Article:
The annual RWCMD/Cory Composition Prize concert has become an increasingly important spotlight for emerging writing talent.
This year, a trio of engaging works were shortlisted from over 20 worldwide entries, with Cory playing each in the first half alongside a composition of equal intrigue and interest in ‘Destination Moon’ - written by the non-de-plume Paul Raphael.
It made for a richly entertaining (if slightly long) evening; from the fizzy polish of ‘Valero’ to open, all the way to the pop-tart fun of a pizza slice ‘Four Seasons’ dressing to close.
In between we heard a superb ‘Pique Dame’ overture - an intoxicating ensemble blend of fleeted footed subtlety and stomping operatic drama, whilst Tom Hutchinson delivered the classic solo, ‘The Paragon’ with a rattlesnake edge of triple tonguing sharpness.
Meanwhile, the Tintin inspired Euro blockbuster; all cleverly realised narrative lines, eye watering technique and vibrant primary colour comic book excitement, certainly left you in questioning mode to its future outcome, thanks to its sequel demanding ‘...to be continued...’ ending. ‘Herge’ Harper should get cracking.
The second half opened with ‘The Remarkable Life of Roald Dahl’ - the highly inventive 2016 Brass in Concert winning programme; served up like a seven course Heston Blumenthal musical menu of Willy Wonka (Philip Harper) imagination. All that was missing was a troupe of oompah-loompas and a giant peach.
Tarot! Tortuous Tarot!’, by 22 year old Andy Wareham (above) - a mini gob-stopper of darkly hued fears and anxieties based on the reading of the infamous occult cardsIwan Fox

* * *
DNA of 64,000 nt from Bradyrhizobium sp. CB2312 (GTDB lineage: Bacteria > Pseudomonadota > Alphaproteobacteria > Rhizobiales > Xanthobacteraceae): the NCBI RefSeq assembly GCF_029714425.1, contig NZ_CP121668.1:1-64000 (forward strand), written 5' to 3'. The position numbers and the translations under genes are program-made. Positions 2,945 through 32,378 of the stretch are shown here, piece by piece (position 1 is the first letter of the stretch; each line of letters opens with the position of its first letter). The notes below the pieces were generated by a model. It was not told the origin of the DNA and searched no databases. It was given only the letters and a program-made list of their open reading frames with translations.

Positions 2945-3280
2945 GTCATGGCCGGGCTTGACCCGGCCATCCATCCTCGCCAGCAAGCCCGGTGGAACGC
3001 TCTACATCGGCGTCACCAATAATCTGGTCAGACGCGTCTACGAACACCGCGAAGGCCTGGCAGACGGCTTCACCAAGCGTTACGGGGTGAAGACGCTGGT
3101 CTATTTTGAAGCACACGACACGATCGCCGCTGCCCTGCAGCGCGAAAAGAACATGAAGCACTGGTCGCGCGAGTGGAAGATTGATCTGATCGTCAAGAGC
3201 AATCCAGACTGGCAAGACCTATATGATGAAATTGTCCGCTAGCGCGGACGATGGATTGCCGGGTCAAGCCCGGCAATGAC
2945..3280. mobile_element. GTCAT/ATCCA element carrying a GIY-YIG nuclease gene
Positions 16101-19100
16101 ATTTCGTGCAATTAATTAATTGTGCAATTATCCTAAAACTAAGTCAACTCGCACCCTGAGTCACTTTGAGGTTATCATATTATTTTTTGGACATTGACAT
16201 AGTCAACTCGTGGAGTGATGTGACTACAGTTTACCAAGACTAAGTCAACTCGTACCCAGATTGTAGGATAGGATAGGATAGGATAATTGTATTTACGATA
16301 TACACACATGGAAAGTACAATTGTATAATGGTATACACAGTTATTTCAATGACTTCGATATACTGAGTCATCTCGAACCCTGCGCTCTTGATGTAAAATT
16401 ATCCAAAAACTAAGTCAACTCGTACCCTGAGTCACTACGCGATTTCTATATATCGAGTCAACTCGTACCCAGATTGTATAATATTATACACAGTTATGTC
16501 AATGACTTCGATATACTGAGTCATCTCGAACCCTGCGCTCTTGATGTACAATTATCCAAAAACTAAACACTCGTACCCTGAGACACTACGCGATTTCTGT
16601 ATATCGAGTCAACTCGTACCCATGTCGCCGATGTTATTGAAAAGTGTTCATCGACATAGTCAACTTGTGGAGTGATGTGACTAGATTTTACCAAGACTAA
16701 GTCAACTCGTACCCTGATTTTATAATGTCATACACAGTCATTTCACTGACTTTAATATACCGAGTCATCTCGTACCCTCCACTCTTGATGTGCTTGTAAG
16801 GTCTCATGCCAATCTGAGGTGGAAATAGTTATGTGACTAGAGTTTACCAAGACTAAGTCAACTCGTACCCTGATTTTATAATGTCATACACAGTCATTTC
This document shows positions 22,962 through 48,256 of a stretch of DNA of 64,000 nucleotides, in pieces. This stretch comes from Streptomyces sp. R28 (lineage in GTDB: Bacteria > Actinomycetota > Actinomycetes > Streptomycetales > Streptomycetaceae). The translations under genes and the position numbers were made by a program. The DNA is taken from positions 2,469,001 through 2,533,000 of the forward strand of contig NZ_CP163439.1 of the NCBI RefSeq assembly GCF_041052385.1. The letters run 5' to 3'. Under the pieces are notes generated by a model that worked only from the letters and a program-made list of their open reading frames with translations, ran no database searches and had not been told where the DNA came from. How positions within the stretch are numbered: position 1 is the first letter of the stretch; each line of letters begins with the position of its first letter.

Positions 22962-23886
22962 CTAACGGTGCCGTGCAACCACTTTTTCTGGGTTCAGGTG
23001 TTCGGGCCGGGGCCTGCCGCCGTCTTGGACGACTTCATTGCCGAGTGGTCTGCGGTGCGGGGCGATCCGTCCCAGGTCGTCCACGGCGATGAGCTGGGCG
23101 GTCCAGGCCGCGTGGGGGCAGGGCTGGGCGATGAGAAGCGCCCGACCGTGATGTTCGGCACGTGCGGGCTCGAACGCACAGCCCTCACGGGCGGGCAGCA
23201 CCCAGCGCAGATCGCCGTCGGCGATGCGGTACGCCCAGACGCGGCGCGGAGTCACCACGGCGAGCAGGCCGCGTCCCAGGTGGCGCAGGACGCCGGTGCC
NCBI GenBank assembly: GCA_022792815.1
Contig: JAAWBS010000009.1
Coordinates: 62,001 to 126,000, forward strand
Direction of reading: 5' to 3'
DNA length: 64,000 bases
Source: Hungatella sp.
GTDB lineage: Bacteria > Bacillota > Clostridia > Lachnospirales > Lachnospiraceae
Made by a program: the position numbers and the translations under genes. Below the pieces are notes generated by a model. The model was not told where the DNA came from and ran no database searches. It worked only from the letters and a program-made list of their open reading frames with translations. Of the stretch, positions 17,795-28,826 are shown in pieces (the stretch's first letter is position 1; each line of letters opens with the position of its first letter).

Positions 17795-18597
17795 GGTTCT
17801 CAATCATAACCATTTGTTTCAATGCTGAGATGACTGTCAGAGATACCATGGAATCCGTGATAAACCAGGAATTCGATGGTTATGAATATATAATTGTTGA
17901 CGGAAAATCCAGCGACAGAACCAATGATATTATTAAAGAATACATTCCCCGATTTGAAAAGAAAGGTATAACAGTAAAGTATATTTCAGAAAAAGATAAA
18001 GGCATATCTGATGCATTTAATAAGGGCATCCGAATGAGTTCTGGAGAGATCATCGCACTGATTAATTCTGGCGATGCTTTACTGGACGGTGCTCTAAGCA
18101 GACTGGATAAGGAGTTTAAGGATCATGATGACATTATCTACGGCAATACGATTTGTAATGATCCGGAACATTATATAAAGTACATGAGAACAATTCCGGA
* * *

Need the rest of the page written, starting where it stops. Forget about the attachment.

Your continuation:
Earlier we heard the works from the three composer finalists; an Arabian wind inspired ‘The Roar of the Khamsin’ by Paul Sagger, the tense bullfighting ‘Corrida’ by David Robinson, and the eventual winner - ‘Tarot! Tortuous Tarot!’, by 22 year old Andy Wareham (above) - a mini gob-stopper of darkly hued fears and anxieties based on the reading of the infamous occult cards.
And even though Andy wittily admitted on accepting his generous prize that the cards themselves didn’t give him an indication of his victory on the night, they may well have pointed out to the rest of the audience the direction of what should be a thoroughly successful compositional career if he so wishes. As the reprise encore showed - his is an exciting talent that needs only a touch of luck to find further success.
It left the band to round things off before the lollipop encores, with the languid pulse of ‘Gota’ by Peder Karlsson and the ferocious humdinger of the ‘Finale’ from Tchaikovsky’s ‘Fourth Symphony’.